Toyota is rethinking its India strategy, betting that if the price is right, emerging markets will fall in love with its hybrids.
The Japanese automaker, best known for its pioneering Prius, has struggled to sell large numbers of its hybrid Camry sedan in India since its debut in 2013, owing in part to a sticker price that is more than eight times the annual income of a middle-class family.
Toyota is resolute to do things differently this time with lower-cost hybrids, according to four company and industry executives and suppliers who revealed previously unknown details about the carmaker’s sourcing, production, and pricing strategy.
The strategy is centred on a push to reduce the cost of full hybrid powertrains by manufacturing them in India, where the automaker’s factories are running well below capacity, and sourcing key materials locally.
Toyota Motor is also taking advantage of its partnership with partner Suzuki Motor, the majority owner of India’s largest carmaker Maruti, to benefit from its low-cost engineering know-how and mild hybrid technology.
“The hybrid bet is a turning point. It will be a litmus test for Toyota’s future and success in India,” one person with direct knowledge of Toyota’s plans told Reuters.
A full hybrid can be driven on electric power for extended periods of time, whereas mild hybrid technology only supplements the combustion engine to help reduce emissions. Mild hybrids, on the other hand, have smaller batteries and are significantly less expensive.
Toyota’s Indian strategy contrasts with that of global rivals Volkswagen, General Motors, and India’s Tata Motors, which are rushing to roll out pure electric vehicles (EVs), and it comes in the face of investor criticism for continuing to rely on fossil-fuel hybrids.
Hybrids are generally less expensive than EVs because they have smaller batteries and are not reliant on charging stations, which is important in markets like India where customers are price sensitive and charging infrastructure is patchy.
Toyota declined to discuss cost-cutting measures, future product launches, car pricing strategies, or production plans for full and mild hybrid models in India.
According to Reuters, the world’s largest automaker wants more first-time buyers in India to own full hybrids as a first step toward mass electrification, and that it will continue to increase local sourcing and production to remain competitive.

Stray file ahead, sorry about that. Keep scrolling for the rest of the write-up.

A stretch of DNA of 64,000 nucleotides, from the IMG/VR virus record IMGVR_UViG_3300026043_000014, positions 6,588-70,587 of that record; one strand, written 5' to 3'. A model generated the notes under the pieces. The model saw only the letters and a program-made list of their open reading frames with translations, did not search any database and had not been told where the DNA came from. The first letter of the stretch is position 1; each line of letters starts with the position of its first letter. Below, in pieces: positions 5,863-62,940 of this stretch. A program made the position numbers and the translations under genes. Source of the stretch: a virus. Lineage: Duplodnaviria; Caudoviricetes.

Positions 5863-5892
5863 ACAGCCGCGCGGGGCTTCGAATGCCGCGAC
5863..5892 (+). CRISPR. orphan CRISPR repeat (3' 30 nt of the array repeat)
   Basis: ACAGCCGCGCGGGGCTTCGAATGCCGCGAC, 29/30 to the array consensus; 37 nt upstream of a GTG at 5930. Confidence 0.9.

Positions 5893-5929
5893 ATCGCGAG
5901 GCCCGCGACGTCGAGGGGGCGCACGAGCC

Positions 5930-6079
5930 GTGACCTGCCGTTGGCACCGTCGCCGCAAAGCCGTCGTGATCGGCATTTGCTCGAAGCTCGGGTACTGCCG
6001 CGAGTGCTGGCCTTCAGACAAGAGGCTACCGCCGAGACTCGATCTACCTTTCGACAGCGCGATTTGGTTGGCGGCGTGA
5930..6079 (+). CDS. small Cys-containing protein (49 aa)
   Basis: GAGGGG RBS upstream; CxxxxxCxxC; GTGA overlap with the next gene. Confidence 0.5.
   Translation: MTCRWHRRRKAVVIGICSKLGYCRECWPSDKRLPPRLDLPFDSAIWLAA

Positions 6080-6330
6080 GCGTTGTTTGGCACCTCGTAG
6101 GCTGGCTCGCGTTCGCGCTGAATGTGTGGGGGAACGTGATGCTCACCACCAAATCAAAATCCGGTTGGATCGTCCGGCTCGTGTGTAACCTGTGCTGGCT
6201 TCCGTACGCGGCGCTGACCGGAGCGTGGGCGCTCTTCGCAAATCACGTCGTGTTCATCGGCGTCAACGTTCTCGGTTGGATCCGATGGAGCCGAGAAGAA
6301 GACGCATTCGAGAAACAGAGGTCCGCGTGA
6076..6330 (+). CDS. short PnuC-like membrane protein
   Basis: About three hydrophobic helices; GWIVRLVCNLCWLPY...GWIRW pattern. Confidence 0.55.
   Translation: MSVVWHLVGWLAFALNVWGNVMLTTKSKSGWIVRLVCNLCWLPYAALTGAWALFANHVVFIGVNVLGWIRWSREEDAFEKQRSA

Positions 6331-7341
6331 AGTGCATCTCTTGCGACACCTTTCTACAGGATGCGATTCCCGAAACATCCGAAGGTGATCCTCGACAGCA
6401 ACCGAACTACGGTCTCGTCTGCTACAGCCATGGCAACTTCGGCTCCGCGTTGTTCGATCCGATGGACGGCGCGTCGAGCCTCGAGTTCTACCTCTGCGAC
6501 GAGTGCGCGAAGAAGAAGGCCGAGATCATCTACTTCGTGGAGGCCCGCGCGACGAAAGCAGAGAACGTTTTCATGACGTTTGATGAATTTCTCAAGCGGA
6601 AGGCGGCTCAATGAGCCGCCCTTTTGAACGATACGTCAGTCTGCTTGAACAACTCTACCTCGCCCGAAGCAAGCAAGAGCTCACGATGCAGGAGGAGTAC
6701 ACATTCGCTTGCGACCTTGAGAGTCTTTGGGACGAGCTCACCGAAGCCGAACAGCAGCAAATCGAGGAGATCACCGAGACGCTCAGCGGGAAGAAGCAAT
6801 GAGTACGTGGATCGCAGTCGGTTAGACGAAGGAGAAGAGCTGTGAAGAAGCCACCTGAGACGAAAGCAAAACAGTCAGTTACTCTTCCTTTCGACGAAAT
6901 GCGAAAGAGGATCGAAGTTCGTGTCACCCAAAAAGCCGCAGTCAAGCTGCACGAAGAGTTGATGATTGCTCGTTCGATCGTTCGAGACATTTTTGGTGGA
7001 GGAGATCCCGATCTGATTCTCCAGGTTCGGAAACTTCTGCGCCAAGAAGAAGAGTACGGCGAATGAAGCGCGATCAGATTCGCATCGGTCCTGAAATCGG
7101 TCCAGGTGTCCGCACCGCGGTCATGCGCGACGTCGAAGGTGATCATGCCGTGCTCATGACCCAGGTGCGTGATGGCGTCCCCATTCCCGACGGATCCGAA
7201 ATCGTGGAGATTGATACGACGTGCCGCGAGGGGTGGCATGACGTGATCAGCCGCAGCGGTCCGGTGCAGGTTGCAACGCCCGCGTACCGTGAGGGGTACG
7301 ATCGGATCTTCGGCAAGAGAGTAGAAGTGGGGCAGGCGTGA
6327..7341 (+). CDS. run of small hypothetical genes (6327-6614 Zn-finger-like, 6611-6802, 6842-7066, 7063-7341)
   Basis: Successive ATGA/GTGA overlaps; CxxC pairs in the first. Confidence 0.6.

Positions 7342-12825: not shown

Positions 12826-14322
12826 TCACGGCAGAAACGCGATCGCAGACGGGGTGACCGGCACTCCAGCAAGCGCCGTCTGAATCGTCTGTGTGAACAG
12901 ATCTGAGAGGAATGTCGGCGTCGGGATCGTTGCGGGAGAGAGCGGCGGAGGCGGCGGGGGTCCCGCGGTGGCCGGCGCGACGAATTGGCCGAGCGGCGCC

Toyota’s first new hybrid to hit Indian roads will be the Urban Cruiser Hyryder, a compact sports-utility vehicle (SUV) priced around $25,000 – less than half the price of the Camry, according to two people familiar with the plans.
This would put it in competition with popular midsize combustion-engine SUVs from Hyundai Motor and Kia Motor in a fast-growing segment that accounts for 18 per cent of car sales in India, the world’s fourth-largest auto market.
The full hybrid Hyryder, on the other hand, will be 31 per cent more fuel efficient than the Hyundai and Kia diesel models, with a fuel economy of 28 km per litre (65 miles per gallon), a critical metric for Indian buyers.
According to a Toyota engineer familiar with hybrid technology, the Hyryder, which will be sold by Toyota and Suzuki, will use a hybrid system originally developed for subcompact cars, or one size smaller.
By incorporating the hybrid system and a low-cost chassis and some upper body parts from Suzuki, the end result is an SUV that is on par with or slightly less expensive than the Prius sedan, which starts at $25,000 in the US.
“The high-cost complexity of hybrids is hard to overcome, but it’s a good start,” the Toyota source, who was not involved in the Hyryder’s development, said.
Savings have also resulted from collaborating with Suzuki on the design and development of the SUV, as well as leveraging Maruti’s scale and pricing power with suppliers, which produced eight of the top ten best-selling models in India in 2021.
Nonetheless, another source stated that the cost differential between Toyota’s full hybrid and its comparable gasoline car in India is $3,400, which is higher than the typical Toyota differential of about $2,000 in most countries.
Toyota will also sell Hyryders with a mild hybrid powertrain supplied by Suzuki to boost sales in India’s price-sensitive market, a significant departure for Toyota, which has long championed full hybrids.
According to people familiar with Toyota’s plans, the shift is a recognition that Toyota has been unable to reduce the cost of full hybrids to the point where they can always compete on price in markets such as India.
It also demonstrates how Toyota adjusts its strategy for different markets based on what buyers want and are willing to pay.
“As we come down the price points … we hope to increase our numbers as well as our market share,” Vikram Kirloskar, vice chairman of Toyota Kirloskar Motor, the Japanese company’s Indian unit, told Reuters.
According to two sources, Toyota’s next hybrid for India will be a multi-purpose vehicle, or people-carrier, due later this year or early in 2023.
(Adapted from Reuters.com)